The paradox of education is precisely this – that as one begins to become conscious one begins to examine the society in which he is being educated.—James A. Baldwin
[one_half padding=”4px 10px 0 4px”]My mother was a teacher in more ways than one. Yes, there are a few people out there who endured, and survived, the trials and tribulations of being in her classroom. She didn’t stop teaching when she walked out of the classroom, though. Education, she believed, was something that began the moment one woke up of the morning and didn’t end until one was unconscious at night. She saw the potential for making every moment a teaching moment, and she wasn’t going to let one’s education be incomplete.
Mom always said she was 5′ 2″ tall. I’m sure she was at one young point in her life. Most of my life she was about an inch shorter than that, and she continued shrinking. That never stopped her, though. She couldn’t be bullied, by administration, student, or parent. To cross her as an adult meant being on the receiving end of a tongue-lashing that damn-near drew blood. To cross her as a child meant bending over, grabbing your ankles, and being thankful her arthritis prevented her from swinging that paddle as strongly as she might. In her mind, the first thing one needed in an education was discipline and respect. One didn’t begin learning until those two things were present.
At the same time, though, Mother could be incredibly compassionate. Being the preacher’s wife in a small town meant she usually knew when a student’s family was struggling. School policy prevented her from helping a child directly, but she would find a way to make sure a child had food at home, or clean clothes, or in at least one case light by which to read. Hugs were something she handed out readily, even long after one left her classroom. After school tutoring wasn’t’ part of a program; it was just something she did as student’s had need.[/one_half]
[one_half_last padding=”4px 4px 0 10px”]Mom would not have done well in today’s schools. She understood that an education isn’t just information one learns to regurgitate on command, but how we learn to take that information and improve our lives and the lives of others. She hated standardized tests because she knew that people can’t, and shouldn’t, be standardized and neither can the education system that teaches us. She taught more by living than by lecturing. She set an example for her students that was worth following.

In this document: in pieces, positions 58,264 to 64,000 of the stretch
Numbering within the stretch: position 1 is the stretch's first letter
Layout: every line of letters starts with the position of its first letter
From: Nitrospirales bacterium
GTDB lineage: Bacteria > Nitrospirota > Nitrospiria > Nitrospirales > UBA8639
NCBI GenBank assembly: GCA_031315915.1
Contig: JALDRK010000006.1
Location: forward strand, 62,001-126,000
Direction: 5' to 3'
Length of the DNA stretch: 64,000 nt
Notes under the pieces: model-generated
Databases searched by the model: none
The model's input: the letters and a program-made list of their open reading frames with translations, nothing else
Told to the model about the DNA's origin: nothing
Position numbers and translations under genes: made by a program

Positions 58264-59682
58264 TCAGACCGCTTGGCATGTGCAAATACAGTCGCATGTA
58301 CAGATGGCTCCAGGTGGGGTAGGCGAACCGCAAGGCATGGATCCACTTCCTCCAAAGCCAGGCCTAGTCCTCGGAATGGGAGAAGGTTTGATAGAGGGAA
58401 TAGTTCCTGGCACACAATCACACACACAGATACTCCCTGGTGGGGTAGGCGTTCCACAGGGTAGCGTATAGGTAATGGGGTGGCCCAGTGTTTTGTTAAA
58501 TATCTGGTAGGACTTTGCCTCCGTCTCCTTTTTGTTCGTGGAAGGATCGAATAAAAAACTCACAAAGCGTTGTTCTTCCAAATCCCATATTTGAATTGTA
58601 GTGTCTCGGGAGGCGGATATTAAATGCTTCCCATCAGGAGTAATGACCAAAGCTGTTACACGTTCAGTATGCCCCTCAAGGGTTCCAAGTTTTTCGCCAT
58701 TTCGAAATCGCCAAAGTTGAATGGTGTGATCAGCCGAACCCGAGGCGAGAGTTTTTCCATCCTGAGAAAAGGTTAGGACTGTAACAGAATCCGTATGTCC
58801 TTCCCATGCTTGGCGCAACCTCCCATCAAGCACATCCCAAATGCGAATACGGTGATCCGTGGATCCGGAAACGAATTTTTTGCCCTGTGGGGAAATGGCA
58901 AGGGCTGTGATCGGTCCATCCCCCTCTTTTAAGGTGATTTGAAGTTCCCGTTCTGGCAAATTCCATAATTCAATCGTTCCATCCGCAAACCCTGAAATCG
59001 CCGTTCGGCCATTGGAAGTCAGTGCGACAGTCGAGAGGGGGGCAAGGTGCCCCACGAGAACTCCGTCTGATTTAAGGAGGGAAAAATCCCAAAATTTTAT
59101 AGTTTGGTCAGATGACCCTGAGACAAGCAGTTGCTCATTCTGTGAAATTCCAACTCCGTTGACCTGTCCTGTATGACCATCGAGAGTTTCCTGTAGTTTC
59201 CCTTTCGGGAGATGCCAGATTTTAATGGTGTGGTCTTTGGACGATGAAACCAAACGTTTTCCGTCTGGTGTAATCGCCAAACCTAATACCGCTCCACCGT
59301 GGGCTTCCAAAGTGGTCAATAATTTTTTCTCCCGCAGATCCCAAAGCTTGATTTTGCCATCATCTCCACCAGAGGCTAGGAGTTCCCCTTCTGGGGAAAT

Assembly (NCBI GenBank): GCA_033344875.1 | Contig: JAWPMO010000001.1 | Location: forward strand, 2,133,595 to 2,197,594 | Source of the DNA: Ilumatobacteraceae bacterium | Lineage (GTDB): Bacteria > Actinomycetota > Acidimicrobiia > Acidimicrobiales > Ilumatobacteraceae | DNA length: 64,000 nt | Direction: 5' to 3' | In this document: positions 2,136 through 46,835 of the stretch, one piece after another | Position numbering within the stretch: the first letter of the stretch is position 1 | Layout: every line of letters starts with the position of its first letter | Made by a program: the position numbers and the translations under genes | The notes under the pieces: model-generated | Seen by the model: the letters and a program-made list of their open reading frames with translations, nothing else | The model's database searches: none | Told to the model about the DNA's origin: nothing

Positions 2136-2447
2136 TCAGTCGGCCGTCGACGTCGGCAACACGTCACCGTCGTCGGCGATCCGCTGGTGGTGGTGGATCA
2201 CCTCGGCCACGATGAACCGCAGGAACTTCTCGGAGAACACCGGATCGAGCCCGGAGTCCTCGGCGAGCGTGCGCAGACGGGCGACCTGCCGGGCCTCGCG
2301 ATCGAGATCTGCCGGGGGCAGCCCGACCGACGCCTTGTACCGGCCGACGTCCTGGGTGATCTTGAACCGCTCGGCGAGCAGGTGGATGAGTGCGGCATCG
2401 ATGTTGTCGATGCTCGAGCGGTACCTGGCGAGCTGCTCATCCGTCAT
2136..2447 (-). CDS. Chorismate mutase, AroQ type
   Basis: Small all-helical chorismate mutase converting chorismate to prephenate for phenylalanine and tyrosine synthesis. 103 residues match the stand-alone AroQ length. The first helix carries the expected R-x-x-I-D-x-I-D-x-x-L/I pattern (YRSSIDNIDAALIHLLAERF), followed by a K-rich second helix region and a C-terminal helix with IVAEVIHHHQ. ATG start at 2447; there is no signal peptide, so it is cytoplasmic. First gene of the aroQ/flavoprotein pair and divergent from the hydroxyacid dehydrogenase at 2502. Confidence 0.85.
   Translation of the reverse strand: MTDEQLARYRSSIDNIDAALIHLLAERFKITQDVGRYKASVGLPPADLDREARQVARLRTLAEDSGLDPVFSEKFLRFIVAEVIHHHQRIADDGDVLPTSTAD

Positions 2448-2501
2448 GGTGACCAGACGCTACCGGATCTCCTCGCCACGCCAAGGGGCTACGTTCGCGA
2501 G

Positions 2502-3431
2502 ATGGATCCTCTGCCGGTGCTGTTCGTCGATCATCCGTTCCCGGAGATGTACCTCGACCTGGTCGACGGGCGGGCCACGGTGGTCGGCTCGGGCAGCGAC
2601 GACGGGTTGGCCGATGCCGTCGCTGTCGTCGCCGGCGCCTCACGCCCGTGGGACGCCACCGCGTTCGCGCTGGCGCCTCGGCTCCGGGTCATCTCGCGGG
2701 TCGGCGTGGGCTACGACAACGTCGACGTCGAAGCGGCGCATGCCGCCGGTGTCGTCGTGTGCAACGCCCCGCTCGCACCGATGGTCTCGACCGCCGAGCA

I look now at how schools have changed and want to cry. We have so woefully underfunded our schools that teachers show up to find absolutely no resources in their classrooms, not even textbooks or dry erase markers. We totally misunderstand the point of education when we think test scores are a sufficient or accurate measure of learning and/or teacher adequacy. Library shelves sit empty because there’s no money for books. We wonder why there’s a teacher shortage in almost every state, not realizing that by the time teachers pay for all their supplies, books for their classrooms, and materials for students, they’re not longer making a living wage!
I’m glad that the little ones can now come home and watch re-runs of Mr. Rodger’s Neighborhood on Netflix. They are thoroughly enthralled as they pick up the values education that are no longer part of the school curriculum. Education for them is a very different experience than it was for my sons, and almost unrecognizable compared to my experience. That we have allowed the situation to deteriorate is inexcusable and everyone is at fault. We have no education system when we refuse to learn. Even Mother couldn’t solve that problem. [/one_half_last]